While arguments go back and forth about the feasibility of universal basic income and its potential merits, there are at least three sets of questions that need to be answered through experiments, said Juliana Bidadanure, founder and faculty director of the Stanford Basic Income Lab.
The first revolves around what people do when they are given unconditional cash. Researchers want to know if recipients might drop out of the labor market and, if so, what they would do with their time. The studies also would look at how people spend the money; whether they save it or use it to purchase goods and services.
The second set of questions concerns the impacts of unconditional cash on health, childhood poverty, well-being, stigma, crime and other important aspects of people's lives. Researchers, for example, want to know if a guaranteed income would affect the number of burglaries and thefts criminals are committing or if it would change the recidivism rate among ex-felons. Existing welfare programs also carry with them the stigma of recipients being "scroungers," Bidadanure said. By being universal, basic income theoretically would help eliminate the stigma and perhaps reduce demonization of certain classes of people, but researchers would need to determine if those outcomes would actually come to pass.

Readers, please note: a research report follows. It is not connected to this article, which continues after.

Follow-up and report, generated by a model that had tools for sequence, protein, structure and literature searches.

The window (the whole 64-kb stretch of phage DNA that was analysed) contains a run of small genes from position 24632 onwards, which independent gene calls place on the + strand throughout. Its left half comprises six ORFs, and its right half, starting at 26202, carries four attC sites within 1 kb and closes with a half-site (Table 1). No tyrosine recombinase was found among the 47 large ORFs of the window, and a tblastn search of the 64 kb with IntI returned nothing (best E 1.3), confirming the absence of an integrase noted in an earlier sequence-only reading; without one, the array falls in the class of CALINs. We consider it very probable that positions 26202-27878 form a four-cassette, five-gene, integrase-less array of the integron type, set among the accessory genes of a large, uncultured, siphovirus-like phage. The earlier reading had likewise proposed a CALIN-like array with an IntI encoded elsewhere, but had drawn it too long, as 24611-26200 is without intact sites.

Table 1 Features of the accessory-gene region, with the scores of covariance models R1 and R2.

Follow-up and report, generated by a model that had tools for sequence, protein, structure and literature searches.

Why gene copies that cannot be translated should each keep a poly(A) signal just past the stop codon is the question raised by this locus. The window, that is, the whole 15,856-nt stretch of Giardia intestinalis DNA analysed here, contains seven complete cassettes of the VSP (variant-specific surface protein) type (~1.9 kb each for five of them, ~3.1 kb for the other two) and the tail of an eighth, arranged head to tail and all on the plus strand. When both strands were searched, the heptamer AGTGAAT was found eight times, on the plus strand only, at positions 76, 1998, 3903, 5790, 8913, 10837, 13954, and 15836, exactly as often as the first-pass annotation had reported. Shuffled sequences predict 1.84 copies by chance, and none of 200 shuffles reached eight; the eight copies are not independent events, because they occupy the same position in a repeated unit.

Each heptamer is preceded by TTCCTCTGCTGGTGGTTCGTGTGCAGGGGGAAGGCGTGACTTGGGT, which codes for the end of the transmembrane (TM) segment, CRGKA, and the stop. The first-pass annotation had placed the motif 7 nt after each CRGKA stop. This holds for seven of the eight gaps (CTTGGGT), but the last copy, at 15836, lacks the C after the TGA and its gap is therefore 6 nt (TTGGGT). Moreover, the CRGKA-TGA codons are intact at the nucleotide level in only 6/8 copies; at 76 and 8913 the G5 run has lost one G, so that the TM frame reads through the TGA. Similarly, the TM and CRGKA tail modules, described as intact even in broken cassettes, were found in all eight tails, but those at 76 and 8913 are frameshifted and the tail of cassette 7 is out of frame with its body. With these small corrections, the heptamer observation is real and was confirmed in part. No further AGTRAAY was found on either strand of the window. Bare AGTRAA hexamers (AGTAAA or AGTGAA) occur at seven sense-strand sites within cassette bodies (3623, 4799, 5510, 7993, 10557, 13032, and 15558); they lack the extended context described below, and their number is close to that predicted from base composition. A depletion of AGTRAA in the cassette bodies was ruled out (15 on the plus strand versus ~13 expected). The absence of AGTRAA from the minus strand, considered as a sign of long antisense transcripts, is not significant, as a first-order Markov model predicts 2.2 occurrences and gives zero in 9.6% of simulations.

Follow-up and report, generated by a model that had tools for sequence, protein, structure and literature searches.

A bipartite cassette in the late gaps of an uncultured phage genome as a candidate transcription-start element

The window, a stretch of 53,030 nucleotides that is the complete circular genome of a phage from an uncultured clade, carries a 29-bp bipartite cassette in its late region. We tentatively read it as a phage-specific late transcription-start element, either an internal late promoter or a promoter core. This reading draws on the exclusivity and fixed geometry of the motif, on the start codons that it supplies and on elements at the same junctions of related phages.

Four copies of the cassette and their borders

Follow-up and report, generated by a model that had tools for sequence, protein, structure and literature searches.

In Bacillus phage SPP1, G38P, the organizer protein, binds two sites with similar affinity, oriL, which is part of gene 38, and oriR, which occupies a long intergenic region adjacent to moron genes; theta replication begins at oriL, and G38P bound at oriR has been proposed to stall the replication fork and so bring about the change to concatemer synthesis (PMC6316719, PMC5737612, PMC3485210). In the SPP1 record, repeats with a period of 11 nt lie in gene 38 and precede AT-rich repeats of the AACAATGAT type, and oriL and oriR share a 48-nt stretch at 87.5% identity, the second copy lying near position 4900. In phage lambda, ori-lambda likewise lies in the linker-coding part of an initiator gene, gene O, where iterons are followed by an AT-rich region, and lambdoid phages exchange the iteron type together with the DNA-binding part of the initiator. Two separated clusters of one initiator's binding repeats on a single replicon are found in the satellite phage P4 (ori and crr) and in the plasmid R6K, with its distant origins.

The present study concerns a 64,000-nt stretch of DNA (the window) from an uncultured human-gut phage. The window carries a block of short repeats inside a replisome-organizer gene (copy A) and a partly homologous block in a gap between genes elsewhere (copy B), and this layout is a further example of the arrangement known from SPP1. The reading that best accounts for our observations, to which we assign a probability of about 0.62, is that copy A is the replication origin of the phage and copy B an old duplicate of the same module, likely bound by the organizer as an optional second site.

The third group of questions revolves around whether universal basic income would be politically and economically feasible, an area of wide debate.
The Stanford Basic Income Lab, a clearinghouse for research on universal basic income, is working to answer these questions and to advise groups and municipalities that are considering policies for income programs. It has published "Basic Income In Cities: A guide to city experiments and pilot projects," a toolkit to help policymakers and cities.
The lab also offers a lecture series on basic income that is open to the public. More information is posted at basicincome.stanford.edu.
This article is part of a larger story on universal basic income, which can be found here.